Herbs for Winter HealthRead Now
Wintertime is pretty much here in Vermont. What can we do to stay healthy?
The first thing is to make sure to stay warm and counteract dryness. Scientists aren't sure if cold weather itself can make people sick, but traditional medicine systems have long considered "cold" itself to be a cause of ailments. Studies have shown that immune response might be more sluggish in a colder environment, but how that translates to humans is inconclusive. My theory is that since the immune cells are transported in part by the bloodstream, if our circulation is impaired we're going to have less immune activity.
In any case, experience has shown generations of humans that it's best to stay warm this time of year! So yes, go outside and get things moving, but make sure to bundle up!
Dryness is important to counteract as well - the cold air holds less humidity, and indoor heating makes things even dryer. Moist mucuous membranes are a very important line of defense against germs. Stay hydrated, but also eat plenty of good quality fat to help hold in moisture.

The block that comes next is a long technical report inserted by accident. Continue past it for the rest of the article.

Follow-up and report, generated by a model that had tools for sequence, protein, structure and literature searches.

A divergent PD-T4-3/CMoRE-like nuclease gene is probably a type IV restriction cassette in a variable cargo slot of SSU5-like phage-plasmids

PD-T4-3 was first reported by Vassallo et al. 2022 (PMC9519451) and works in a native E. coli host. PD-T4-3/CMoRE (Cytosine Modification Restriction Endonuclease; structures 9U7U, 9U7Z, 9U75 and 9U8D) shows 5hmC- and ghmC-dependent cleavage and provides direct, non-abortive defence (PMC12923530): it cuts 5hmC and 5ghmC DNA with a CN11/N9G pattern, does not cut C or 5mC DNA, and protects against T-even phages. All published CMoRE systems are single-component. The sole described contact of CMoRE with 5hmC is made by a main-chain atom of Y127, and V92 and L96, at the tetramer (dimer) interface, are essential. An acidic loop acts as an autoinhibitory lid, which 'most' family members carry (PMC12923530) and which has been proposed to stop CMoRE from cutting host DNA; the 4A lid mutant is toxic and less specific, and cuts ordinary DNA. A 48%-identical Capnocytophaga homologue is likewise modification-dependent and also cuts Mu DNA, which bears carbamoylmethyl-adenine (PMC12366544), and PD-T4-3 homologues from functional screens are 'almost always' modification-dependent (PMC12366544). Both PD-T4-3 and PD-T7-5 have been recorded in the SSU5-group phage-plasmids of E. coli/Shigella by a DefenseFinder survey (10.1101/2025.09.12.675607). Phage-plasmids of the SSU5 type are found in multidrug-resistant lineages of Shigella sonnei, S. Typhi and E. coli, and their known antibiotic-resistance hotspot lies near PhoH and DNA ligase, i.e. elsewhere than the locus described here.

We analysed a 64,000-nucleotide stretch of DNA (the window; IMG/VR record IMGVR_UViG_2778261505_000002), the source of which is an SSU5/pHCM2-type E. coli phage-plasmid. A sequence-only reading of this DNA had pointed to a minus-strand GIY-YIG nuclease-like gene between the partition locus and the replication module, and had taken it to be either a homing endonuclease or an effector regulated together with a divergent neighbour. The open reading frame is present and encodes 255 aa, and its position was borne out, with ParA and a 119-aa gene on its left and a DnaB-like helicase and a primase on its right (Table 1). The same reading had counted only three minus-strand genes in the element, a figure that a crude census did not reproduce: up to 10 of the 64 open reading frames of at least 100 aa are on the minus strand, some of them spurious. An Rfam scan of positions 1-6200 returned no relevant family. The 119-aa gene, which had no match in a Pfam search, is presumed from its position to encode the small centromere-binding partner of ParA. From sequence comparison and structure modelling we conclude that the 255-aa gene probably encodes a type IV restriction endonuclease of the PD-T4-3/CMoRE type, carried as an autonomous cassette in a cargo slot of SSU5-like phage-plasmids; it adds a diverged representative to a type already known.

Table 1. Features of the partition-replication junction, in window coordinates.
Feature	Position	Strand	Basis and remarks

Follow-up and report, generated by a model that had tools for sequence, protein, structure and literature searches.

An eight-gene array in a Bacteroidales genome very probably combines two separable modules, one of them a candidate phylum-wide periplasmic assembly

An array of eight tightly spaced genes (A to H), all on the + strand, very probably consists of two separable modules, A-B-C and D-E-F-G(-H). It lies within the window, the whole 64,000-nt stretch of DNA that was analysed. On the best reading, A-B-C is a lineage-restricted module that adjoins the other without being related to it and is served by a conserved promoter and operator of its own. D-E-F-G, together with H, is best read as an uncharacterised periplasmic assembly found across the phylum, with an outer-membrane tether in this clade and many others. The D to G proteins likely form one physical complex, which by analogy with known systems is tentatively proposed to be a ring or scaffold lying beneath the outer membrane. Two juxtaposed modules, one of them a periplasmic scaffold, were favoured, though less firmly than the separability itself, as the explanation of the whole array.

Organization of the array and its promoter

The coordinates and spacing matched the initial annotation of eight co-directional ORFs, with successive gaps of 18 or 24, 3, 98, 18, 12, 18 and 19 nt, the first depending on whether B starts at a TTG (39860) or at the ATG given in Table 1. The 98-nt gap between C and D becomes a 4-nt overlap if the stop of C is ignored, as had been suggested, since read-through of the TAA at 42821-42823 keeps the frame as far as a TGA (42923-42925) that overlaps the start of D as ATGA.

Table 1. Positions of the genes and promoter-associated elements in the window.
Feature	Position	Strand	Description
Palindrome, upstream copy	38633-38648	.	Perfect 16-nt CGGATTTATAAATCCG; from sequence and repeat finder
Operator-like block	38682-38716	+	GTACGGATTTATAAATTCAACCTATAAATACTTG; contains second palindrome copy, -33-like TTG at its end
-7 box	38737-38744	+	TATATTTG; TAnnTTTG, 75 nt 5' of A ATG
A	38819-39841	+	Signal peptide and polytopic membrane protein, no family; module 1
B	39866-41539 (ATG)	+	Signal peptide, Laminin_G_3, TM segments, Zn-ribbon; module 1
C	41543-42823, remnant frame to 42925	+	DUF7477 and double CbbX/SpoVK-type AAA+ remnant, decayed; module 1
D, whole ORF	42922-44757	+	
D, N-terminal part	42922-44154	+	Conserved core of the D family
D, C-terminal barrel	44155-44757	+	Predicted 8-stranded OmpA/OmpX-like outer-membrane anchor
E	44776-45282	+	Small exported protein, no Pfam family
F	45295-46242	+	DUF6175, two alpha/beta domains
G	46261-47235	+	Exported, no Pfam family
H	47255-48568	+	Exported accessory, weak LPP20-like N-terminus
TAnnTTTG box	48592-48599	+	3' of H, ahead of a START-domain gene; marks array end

There are two main categories of herbs that can help with the immune system:
1. Immune Tonics
These include astragalus, reishi, and shiitake. All of these basically help keep the immune system active by making the body think that there may be something to guard against.
For example, polysaccharides present in these herbs can activate white blood cells in our digestive system, causing the immune system as a whole to function at a higher level.
Take these herbs daily in soup, tea, tincture or powder to maintain a healhty immune system during the more challenging months. They are considered "food-like" due to the way that they can be incorporated into the diet.
2. Immune Stimulants
These include echniacea and elderberry. These herbs basically kick our immune systems into higher gear very quickly, making them ideal remedies when people first feel signs of sickness, are around people that are sick, are travelling, etc.
The root is the strongest part of echinacea. The best preparation of that is a tincture of the fresh root - the immune-stimulating compounds degrade afer it's been dried.
Elderberry works well in a variety of ways - syrup, tea (or decoction) or tincture are amongst the most common. Combine it with the elder flower to get a stronger effect.
Let us know if you have any questions! Join us at our "Winter Wellness" class next Monday, 12/2, 6:30-8pm to learn more. Reading this past 12/2/19? Stay tuned on our class and event page for future offerings, we often offer this class two or three times per year.
Stay warm and well out there!
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